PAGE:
The Route

Much of the route is firmly at the planning change; by its very nature there needs to be a high degree of flexibility built into the itinerary and it’s certainly possible that events en route will dictate exactly where and when I go next.

The general plan is to start in the Argentine capital of Buenos Aires; here I’ll be able to acclimatise to the new surroundings, perhaps try out a little Spanish, and give the bike a good checking over to ensure that everything is running smoothly and that I’ve got everything I’ll need. I might also be able to treat myself to a tango show or two whilst I’m in town before the real journey begins.

From there I’ll head South, following the gentle coastal road as it hugs the Atlantic, offering some relatively easy riding as I edge myself closer to Patagonia. From here I’ll eventually cross the border into Chile and revel in my first glimpse of Tierra del Fuego across the Strait of Magellan.

Here the landscape will become ever more scenic as I begin the journey up Chile’s fragmented coast. The roads – like the country itself – are hemmed in between the Andes and the Pacific, and as I get closer to Santiago the landscape will get steadily easier. North of the capital the land gets steadily more arid until I hit the world’s driest place, the Atacama Desert.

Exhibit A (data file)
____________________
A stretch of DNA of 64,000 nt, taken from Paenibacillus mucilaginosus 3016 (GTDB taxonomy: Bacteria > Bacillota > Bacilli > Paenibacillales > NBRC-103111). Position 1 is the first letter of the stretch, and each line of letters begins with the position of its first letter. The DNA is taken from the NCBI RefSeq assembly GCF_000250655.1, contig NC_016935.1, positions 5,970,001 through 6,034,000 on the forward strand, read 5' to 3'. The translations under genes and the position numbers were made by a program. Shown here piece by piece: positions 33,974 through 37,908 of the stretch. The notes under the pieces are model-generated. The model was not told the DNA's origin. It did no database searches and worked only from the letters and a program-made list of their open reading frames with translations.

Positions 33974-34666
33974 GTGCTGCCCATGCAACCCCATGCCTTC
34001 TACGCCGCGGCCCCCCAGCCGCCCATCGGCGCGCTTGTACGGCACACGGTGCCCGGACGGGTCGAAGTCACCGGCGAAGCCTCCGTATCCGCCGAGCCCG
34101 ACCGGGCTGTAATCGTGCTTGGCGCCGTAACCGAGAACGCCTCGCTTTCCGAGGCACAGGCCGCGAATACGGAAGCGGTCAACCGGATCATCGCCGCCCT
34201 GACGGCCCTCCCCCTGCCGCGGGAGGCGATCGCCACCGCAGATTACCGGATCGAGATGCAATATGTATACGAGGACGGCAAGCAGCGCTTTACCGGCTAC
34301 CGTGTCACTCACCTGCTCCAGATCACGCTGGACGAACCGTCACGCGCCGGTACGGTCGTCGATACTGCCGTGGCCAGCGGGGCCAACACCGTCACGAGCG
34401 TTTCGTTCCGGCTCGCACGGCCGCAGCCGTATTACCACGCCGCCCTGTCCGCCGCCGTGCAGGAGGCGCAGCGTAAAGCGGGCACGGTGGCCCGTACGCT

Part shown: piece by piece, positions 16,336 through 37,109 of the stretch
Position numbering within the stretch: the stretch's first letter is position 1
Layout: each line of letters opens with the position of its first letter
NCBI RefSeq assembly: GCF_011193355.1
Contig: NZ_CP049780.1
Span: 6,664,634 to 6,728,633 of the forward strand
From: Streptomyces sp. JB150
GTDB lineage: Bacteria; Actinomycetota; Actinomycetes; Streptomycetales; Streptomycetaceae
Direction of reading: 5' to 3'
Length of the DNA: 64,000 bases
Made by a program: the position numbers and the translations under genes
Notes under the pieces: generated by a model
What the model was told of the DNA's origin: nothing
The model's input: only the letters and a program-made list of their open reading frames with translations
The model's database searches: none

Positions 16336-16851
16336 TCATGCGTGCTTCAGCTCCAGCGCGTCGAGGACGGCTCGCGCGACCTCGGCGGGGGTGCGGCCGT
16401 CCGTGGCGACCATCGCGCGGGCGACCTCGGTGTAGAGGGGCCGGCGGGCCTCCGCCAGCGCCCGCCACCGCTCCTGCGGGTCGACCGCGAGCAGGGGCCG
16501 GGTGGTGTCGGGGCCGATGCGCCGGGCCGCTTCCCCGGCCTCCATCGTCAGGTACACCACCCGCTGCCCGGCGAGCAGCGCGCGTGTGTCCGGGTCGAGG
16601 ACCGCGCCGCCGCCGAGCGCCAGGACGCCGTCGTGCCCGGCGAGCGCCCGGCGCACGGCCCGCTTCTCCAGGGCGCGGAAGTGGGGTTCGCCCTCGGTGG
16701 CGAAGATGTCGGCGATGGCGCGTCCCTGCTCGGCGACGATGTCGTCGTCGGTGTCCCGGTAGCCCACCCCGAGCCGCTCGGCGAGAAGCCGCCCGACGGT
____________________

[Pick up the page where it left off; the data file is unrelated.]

Assuming I survive it won’t be long before I reach the third country of the trip, Peru. Another gloriously mountainous country, by this point I should have got used to the gruelling but stunning roads. I’ll stop over in Lima to recuperate before continuing my way north to Ecuador and the Equator.

After celebrating a return to the northern hemisphere – perhaps with a tasty Almuerzo – I’ll continue on my way to Colombia and eventually the Caribbean coast. From here the Andes begin to peer out and I’ll swing East towards the Guiana Shield and the nations of Venezuela, Guyana, Suriname and French Guiana.

By this point the landscape will have changed utterly, with some of the most challenging cycling coming with the tributaries of the Amazon. Brazil – and a return to the southern hemisphere – begins and ends at Macapá, and the way south will be made difficult by the world’s mightiest river. Boat will be the only way to cross.

Once I get to Belém the way will gradually get easier as I follow the Atlantic coast south via the cities of Recife, Salvador, and Rio de Janeiro. Eventually I’ll hit the penultimate country of the journey, Uruguay.

From here it won’t be long until I hit the massive estuary of the River Plate. Once this is crossed I’ll be back where I started some 25,000km earlier – Buenos Aires, city of Fair Winds and the end of the ultimate Journey of a Lifetime.


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